Mithila Painting is a distinct style of folk painting, is practiced in the Terai regions of Nepal and North Bihar. This unique art form has been delicately handled by the women, as part of keeping a living tradition – and to secure livelihood through this vocation. Mithila Painting started in unnoticed form at the mud-walls of villages of Mithila, and with the passage of time, it found an extension on paper and silk fabrics. This art is performed with the mastery of fingers, twigs, brushes, nib-pens and matchsticks, using natural and experimental colours – and come out to characterise by eye-catching geometrical patterns.
Today, when the Mithila Painting as an art form is creating the livelihood opportunities across the border of India and Nepal – it becomes more imperative to unleash its true potential. The further scope of its exploration is immense, and as it is globally recognised now, its expansion in course of time will make women of Mithila, more leaned towards art entrepreneurship.
Much is being done in this regard at Janakpur in Nepal – and Madhubani in India, the next round of commercialization will help it further to enable the communities, to find more livelihood opportunities with this. The dynamic changes in Mithila region are overtly transforming the ways to look on its beautiful art tradition, where now the passion in art is being linked with entrepreneurship. Remarkably, women have a lead here.
Under the aegis of a research project (“Women Employment in Mithila Painting Industry: With Special Reference to Janakpur”) supported by BP Koirala Foundation (BPKF), Journalist Atul K Thakur and an Independent Researcher Chitralekha Jha made efforts to sensitise the stakeholders to help the potential of sustainable livelihood of women artists involved in Mithila Painting.
On the proposed theme, a conference was organised on June 25, at Hotel Shaligram, Kathmandu. The program was attended by key policymakers, art scholars, journalists, including, Nepal’s former finance minister Madhukar SJB Rana, vice president of Nepal Art Council Sagar SJB Rana, journalist Kanak Mani Dixit, entrepreneur Bishal Dhakal, art historian Dr. Ram Dayal Rakesh, journalist Rupa Jha, advocate Dipendra Jha.
On June 27, another conference of BPKF was organised at Janakpur Women Development Centre (JWDC), Janakpur. The program was attended by the artists and management of JWDC, local scholars, members of Industry Chambers, media. Among the panelists of conference were, Atul K Thakur, Chitralekha Jha, economist Bhogendra Jha, academician Hari Bansh Jha, activist Sunil Mallik.
The outcome of the rich discussions during the conferences will be compiled in research report, and later on in a book.
“After commercialisation of Mithila Painting, it has played a remarkable role in providing a creative and productive space for rural artisans, including women in significant ways. The old economic set-up of artists has been particularly broken away, which in effect of this art’s persisting market linkage. The income-expenditure ratio in its size volume and decision-making processes in this art trade has been shifting all along. This has created a better ground for women participation in Mithila folk painting industries, and strong so from economic point of view,” said the researcher Chitralekha Jha.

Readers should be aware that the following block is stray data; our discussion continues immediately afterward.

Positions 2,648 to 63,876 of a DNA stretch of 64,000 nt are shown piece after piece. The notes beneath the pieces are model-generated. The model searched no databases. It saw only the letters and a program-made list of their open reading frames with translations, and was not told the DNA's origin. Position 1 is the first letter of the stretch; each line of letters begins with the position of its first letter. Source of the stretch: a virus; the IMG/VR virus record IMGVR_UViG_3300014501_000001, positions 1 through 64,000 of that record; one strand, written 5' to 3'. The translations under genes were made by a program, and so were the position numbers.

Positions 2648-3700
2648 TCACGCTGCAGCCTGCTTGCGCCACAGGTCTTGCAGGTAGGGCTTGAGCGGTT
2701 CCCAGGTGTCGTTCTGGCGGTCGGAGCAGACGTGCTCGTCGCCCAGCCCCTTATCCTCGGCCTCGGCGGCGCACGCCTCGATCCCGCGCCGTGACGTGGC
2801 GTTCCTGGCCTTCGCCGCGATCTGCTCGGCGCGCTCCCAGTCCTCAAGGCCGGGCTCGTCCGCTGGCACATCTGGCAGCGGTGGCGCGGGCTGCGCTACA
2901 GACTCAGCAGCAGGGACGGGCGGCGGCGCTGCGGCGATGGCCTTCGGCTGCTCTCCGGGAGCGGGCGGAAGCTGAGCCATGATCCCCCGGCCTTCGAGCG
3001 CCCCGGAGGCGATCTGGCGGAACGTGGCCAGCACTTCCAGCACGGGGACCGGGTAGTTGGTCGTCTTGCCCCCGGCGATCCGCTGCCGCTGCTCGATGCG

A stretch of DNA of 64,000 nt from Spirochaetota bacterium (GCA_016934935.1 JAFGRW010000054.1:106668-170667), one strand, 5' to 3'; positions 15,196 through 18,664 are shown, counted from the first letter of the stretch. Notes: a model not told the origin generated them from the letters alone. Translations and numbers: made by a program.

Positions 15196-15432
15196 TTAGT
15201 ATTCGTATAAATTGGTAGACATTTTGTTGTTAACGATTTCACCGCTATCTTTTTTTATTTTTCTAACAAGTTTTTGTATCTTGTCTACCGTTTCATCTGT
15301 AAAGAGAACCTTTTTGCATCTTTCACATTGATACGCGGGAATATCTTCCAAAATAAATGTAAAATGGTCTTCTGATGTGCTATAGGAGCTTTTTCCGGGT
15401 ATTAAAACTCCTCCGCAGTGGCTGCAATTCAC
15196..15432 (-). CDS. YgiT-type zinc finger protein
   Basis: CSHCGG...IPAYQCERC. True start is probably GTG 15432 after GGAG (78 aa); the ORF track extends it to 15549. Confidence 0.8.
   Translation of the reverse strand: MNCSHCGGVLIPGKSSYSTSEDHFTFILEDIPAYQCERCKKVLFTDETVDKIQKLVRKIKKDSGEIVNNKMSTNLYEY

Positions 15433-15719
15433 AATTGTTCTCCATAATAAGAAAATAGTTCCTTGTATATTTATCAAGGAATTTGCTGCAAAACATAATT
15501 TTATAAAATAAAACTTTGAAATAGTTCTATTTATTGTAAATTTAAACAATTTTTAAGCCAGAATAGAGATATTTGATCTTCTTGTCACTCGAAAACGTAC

Indeed, Janakpur, an important commercial and cultural hub of Nepal, is known for its sublime stake in history. It has distinction of being the birthplace of Sita, and a place from where the epic Ramayana was originated. In modern time as well, this place has attained its prominence by being the host of cultural practices, commercial activities and social-political activism. The present study has a crucial relation with this place as its central theme is linked for outreach study at Janakpur and its bordering parts in Madhubani, the place of Mithila Painting’s origination.
Atul K Thakur, a researcher with this project and a journalist with keen interest in Nepal has shared his views in these words, “In Nepal, the level of low employment leads to low level of income, which consequently leads to low level of saving and finally low level of capital formation. Such economic fundamentals make it tough for Nepal to have a positive environment for large scale capital investment into different sectors of economy and to promote the culture of industrialisation. The setting up of large industries is challenging, but this is an area which can’t be ignored by the government, industry and citizens. The right approach and efforts made in this direction will help Nepal turning from an importing economy to a formidable exporter of goods and services. Besides this, it would be equally worthwhile to promote low capital-based cottage or village type industries (technically Micro, Small & Medium Enterprises-MSMEs), which have capacity to generate local employments and control migration of local human resources to the far flung places. Essentially, these small industries can help making the rural Nepal, a hub of productive activities. To make economic transformation in the country, these industries are most suitable, with their comparatively low reliance on capital – and in their ability to grow on locally available raw materials, production techniques and human resources.”
This research project is aimed to broadly study the conditions, cultural aspects, socio-economic importance of Mithila Paintings and the involvement of women artists and entrepreneurs in Janakpur. Besides the academic and empirical research, imminent Symposiums on this theme in Kathmandu, Janakpur and Madhubani, will help the project with academic rigours and policy-centric debates in achieving its aim of creating the basis of sustained and exploitation-free livelihood options for women of Mithila Painting Industry.